If your own computer is properly configured for Internet access, it's interface will respond to the - "ping" - message with a brief, return message of its own, as if to say - "I received your ping message, and this is my response." The ping utility will immediately display a summary, including information on the time interval between sending each outgoing message and receipt of the corresponding response. When pinging your own local network interface, the time interval (usually expressed in milliseconds), should be very short, as illustrated here.

You can interpret that message as confirmation that your own network interface, inside your own computer, is working as expected.

Once you have that assurance, it's a good idea to try pinging a nearby computer on your own network. You will need to know the IP address(es) of the computers and computer equipment in your own home or small office. You can learn a lot about the organization and management of your own local area network (and the associated IP addresses) from the movie entitled "Managing Your Network Equipment With Your Web Browser".

It is always useful to ping the local interface of your NAT router. If it responds within a few milliseconds as illustrated here, you have confirmation that all of the intervening connections are working and are properly configured. This is a great way to verify that your local network is intact and ready to interact, through your DSL or Cable Modem, with your Internet Service Provider. If you don't see the expected response from your own router, you'll need to examine all of the intervening wires, connectors, and interfaces, configuring each as necessary until you get a reliable ping.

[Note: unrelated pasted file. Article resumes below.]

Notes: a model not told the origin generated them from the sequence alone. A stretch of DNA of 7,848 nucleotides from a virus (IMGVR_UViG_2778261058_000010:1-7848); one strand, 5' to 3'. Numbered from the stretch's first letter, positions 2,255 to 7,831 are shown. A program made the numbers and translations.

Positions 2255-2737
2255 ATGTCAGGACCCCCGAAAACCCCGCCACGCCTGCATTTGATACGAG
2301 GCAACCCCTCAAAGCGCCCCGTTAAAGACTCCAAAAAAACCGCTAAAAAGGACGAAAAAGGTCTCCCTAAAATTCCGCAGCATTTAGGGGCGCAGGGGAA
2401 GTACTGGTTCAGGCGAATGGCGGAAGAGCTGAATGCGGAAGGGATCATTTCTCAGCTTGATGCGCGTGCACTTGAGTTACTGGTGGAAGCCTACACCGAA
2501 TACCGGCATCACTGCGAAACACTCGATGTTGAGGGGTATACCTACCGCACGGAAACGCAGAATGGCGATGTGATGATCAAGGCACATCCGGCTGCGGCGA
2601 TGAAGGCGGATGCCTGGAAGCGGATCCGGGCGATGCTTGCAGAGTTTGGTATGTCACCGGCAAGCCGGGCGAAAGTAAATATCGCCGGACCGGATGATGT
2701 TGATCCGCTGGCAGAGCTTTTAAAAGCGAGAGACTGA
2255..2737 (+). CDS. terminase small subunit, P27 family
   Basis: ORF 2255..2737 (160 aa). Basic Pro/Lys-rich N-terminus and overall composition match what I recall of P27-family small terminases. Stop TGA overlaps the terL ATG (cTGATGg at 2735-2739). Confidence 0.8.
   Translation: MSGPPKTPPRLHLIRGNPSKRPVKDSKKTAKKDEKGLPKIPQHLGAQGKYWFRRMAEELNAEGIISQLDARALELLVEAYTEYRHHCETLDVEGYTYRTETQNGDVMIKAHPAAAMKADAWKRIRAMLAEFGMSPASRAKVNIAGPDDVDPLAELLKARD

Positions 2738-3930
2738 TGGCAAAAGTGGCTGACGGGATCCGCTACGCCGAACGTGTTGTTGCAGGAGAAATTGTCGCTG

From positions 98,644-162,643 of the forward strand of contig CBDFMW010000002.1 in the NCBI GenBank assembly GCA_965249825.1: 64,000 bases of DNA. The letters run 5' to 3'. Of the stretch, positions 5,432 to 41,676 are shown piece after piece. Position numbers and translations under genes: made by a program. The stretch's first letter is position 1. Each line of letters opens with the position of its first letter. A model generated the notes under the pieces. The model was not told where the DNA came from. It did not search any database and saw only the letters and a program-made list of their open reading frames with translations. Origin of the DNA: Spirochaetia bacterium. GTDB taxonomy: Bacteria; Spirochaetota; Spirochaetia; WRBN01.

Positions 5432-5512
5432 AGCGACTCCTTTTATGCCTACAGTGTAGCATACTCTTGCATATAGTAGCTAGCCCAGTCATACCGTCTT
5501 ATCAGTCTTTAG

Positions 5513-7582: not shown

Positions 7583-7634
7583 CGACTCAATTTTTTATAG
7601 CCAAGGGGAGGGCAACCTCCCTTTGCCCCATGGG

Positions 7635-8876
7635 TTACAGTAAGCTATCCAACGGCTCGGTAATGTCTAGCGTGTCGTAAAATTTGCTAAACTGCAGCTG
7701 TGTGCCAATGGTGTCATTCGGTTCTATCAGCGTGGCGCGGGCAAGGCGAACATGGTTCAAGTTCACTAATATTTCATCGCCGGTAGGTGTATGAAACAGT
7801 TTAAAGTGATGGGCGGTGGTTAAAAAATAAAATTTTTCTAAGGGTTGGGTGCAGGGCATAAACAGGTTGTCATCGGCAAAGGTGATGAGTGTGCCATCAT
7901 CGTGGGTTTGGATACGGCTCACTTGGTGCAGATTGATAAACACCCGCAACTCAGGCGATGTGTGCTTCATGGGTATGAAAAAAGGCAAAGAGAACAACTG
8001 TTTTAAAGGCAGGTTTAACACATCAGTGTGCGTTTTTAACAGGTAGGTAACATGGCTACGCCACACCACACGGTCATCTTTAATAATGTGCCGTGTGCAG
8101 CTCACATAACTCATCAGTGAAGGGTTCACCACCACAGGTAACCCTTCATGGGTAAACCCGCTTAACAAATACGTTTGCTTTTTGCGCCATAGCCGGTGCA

After that, try pinging some well-known computer out on the worldwide Internet. For our purposes in this movie, we are going to select "" the main gateway router leading to the campus network at the Massachusetts Institute of Technology. Let's illustrate that router right here.